BOOKMARK December 2019 Book recommendations
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Here are our recommendations from December 2019.
Anecdotal Evidence by Wendy Cope
A favourite poet for decades now, Wendy Cope’s newest collection introduces her readers to some quieter, more reflective poems. Her wit is still in abundance, however. Evidence ‘A great deal of anecdotal evidence suggests that we respond positively to birdsong.’ (Daily Telegraph, 8.2.2012) Centuries of English verse Suggest the self-same thing: A negative response is rare When birds are heard to sing. What’s the use of poetry? You ask. Well, here’s a start: It’s anecdotal evidence About the human heart.
The Man in the Red Coat by Julian Barnes
Julian Barnes continues to surprise his readers with his new book, neither novel nor completely non-fiction. Set during the Belle Epoque in Paris and London, Barnes tells the story of three men, a Count, a Prince and a commoner, the surgeon Samuel Pozzi, made famous by Singer Sargent’s powerful portrait. Elegantly written, Barnes always shines a light onto the unexpected and makes us see things in his own inimitable way – exactly as Singer Sargent painted his subjects.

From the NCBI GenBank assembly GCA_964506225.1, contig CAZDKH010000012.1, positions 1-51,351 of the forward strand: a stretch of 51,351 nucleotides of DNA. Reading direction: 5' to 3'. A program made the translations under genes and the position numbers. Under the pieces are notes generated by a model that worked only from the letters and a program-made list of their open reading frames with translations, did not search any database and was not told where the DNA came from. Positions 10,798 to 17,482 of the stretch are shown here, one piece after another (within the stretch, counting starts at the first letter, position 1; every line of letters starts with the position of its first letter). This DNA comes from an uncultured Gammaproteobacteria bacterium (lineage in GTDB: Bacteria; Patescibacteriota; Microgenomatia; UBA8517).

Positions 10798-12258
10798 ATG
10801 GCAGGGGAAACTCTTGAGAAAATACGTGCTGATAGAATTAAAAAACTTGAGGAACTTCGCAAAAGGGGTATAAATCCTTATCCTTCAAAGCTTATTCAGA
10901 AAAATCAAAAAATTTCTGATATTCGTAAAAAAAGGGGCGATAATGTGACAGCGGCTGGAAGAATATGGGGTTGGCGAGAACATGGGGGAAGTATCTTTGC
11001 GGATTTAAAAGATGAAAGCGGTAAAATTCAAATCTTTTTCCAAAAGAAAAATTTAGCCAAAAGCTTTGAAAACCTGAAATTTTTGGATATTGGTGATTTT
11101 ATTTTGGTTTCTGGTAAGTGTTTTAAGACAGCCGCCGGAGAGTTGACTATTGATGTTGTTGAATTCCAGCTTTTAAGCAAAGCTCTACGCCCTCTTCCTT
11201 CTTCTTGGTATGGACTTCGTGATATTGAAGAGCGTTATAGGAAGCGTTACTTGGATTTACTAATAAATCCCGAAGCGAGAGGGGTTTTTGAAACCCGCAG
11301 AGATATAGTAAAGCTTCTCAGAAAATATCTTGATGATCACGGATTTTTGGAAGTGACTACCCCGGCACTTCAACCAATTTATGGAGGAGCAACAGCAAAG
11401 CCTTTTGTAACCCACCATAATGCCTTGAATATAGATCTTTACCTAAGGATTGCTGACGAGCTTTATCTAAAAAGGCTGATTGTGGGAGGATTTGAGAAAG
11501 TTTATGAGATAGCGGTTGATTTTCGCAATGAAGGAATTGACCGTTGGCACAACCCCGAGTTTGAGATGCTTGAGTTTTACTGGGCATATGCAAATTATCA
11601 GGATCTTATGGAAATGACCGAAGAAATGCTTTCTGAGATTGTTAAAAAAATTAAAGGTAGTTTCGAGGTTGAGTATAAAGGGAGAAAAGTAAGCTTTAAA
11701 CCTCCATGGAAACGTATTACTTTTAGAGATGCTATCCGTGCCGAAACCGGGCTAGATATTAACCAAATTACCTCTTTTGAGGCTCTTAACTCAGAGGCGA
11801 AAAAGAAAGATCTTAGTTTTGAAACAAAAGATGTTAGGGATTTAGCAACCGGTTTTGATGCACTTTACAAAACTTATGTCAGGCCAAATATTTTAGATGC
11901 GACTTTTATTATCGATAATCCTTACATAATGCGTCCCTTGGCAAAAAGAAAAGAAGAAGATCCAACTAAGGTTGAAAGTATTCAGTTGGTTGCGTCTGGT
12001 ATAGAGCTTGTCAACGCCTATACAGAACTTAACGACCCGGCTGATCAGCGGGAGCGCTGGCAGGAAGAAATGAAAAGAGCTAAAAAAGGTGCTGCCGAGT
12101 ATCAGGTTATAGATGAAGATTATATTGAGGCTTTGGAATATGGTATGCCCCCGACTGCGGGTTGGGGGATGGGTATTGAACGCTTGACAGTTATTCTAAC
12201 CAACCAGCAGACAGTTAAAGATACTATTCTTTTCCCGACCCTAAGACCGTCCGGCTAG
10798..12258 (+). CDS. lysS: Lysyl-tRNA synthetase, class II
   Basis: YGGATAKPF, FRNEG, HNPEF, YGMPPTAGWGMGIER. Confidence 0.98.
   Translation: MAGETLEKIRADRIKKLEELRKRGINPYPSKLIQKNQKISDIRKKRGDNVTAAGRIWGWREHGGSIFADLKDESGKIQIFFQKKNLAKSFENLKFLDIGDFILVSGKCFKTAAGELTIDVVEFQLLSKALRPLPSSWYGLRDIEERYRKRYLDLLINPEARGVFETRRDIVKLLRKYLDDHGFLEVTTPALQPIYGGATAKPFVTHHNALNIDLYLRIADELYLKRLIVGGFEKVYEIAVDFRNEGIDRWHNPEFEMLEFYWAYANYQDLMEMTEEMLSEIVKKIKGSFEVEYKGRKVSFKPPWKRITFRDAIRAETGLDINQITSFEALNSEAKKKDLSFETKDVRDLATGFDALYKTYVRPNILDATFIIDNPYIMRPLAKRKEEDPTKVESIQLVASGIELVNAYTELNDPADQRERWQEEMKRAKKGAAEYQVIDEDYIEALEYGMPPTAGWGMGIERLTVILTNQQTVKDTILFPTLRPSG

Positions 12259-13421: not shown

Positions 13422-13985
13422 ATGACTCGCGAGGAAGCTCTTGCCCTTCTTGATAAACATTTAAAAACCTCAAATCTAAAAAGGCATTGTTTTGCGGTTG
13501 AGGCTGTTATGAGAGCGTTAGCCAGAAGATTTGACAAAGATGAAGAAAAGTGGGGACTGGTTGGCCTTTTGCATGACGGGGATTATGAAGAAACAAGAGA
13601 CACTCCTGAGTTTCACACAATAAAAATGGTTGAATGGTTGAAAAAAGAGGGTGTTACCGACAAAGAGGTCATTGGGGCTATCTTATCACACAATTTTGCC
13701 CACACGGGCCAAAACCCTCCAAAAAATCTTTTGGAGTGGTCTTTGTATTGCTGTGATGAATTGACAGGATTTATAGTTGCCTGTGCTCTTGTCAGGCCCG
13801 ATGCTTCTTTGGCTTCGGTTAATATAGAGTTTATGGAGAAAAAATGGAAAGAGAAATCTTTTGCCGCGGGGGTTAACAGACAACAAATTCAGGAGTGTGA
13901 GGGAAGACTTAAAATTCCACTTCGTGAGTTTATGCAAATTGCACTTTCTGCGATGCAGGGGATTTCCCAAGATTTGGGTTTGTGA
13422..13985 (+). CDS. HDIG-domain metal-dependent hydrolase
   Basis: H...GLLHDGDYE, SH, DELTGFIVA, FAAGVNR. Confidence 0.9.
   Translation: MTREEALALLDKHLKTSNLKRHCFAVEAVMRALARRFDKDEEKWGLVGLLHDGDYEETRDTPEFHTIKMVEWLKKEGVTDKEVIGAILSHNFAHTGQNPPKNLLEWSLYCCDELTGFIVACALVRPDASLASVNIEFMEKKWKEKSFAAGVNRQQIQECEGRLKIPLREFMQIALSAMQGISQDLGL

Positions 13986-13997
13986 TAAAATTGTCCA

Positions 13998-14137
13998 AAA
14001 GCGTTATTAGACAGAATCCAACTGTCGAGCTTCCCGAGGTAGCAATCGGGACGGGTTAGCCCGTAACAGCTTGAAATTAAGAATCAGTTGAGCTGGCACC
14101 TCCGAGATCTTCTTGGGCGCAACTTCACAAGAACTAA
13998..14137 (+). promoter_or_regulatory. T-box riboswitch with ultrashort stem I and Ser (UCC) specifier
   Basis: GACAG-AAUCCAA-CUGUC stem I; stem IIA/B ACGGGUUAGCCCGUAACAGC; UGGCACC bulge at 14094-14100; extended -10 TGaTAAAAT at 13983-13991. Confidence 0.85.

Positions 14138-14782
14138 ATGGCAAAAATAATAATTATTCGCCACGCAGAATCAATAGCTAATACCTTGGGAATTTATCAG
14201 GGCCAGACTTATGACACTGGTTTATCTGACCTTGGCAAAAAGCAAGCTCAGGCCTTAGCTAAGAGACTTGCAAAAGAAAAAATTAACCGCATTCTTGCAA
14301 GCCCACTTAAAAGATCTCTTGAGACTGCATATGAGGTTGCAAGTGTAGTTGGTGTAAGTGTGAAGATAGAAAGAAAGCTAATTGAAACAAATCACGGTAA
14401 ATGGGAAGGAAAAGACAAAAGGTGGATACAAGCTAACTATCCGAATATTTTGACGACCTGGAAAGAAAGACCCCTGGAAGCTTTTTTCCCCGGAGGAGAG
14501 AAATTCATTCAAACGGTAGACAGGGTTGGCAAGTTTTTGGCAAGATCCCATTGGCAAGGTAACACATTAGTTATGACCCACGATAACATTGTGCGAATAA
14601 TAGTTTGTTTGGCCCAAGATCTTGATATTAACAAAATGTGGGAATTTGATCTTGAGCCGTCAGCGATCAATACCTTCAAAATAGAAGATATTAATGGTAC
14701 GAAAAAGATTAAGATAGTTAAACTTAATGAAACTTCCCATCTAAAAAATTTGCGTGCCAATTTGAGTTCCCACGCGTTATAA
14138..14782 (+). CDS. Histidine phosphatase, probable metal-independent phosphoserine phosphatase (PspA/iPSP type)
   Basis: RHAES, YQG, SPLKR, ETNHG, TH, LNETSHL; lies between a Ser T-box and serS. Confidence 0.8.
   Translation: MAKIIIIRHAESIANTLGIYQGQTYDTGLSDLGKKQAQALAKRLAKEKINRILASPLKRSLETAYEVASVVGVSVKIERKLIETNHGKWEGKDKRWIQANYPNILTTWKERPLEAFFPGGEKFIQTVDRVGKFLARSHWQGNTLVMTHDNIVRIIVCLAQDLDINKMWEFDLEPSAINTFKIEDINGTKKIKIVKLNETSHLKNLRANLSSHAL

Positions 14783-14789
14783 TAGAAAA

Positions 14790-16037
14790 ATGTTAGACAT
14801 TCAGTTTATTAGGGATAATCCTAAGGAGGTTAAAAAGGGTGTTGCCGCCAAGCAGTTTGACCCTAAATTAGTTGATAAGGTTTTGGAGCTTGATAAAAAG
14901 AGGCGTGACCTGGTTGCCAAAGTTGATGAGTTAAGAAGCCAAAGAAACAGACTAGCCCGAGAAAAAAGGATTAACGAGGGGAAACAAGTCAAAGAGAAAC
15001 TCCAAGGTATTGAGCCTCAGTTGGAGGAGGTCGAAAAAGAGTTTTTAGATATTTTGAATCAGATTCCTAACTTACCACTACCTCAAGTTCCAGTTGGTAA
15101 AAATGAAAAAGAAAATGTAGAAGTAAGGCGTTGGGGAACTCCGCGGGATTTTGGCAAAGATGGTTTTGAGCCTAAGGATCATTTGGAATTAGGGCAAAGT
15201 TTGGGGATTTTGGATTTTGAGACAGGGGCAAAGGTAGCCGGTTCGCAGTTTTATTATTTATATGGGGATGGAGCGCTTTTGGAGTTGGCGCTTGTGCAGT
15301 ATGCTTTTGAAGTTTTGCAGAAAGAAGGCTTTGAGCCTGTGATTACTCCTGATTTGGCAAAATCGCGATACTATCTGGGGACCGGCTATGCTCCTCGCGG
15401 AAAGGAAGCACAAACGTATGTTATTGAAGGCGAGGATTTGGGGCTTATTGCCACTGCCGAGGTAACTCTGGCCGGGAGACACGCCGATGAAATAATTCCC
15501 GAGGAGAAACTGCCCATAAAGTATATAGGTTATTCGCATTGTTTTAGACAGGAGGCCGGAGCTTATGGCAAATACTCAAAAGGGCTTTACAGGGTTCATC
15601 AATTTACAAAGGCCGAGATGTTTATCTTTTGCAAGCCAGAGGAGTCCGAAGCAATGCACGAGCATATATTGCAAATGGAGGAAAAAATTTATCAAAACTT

The Dutch House by Ann Patchett
This well-known American writer has produced what looks like the most beautiful book of the year – you’ll want to put it on your shelves with the spine against the wall, as the edge papers resemble a piece of Delft china. This is a terrific novel of family hopes and disappointments set in Philadelphia after World War II. Bought by an ambitious man, the Dutch House marks his escape from poverty – but not for long, as his children, a brother and sister, are expelled from this paradise by their stepmother. Sounds familiar? You’ll be surprised – Patchett’s families are never what they appear and the superb characters and plot pull the reader along at a brisk pace. One of the best novels of 2019.
The Art of Dying by Ambrose Parry
The eagerly awaited follow up to their debut novel, The Way of All Flesh, of this writing pair (Christopher Brookmyre and Marisa Haetzman). Set in 19th century Edinburgh, at a time of advance and experimentation in medicine, Will Raven, Dr James Young Simpson’s protégé, and Sarah Fisher, set out to clear Simpson’s name after the death of a patient in suspicious circumstances. The storytelling is first class, and the evocation of the two halves of Edinburgh city life are realistic and haunting. An ideal book for the dark days of winter!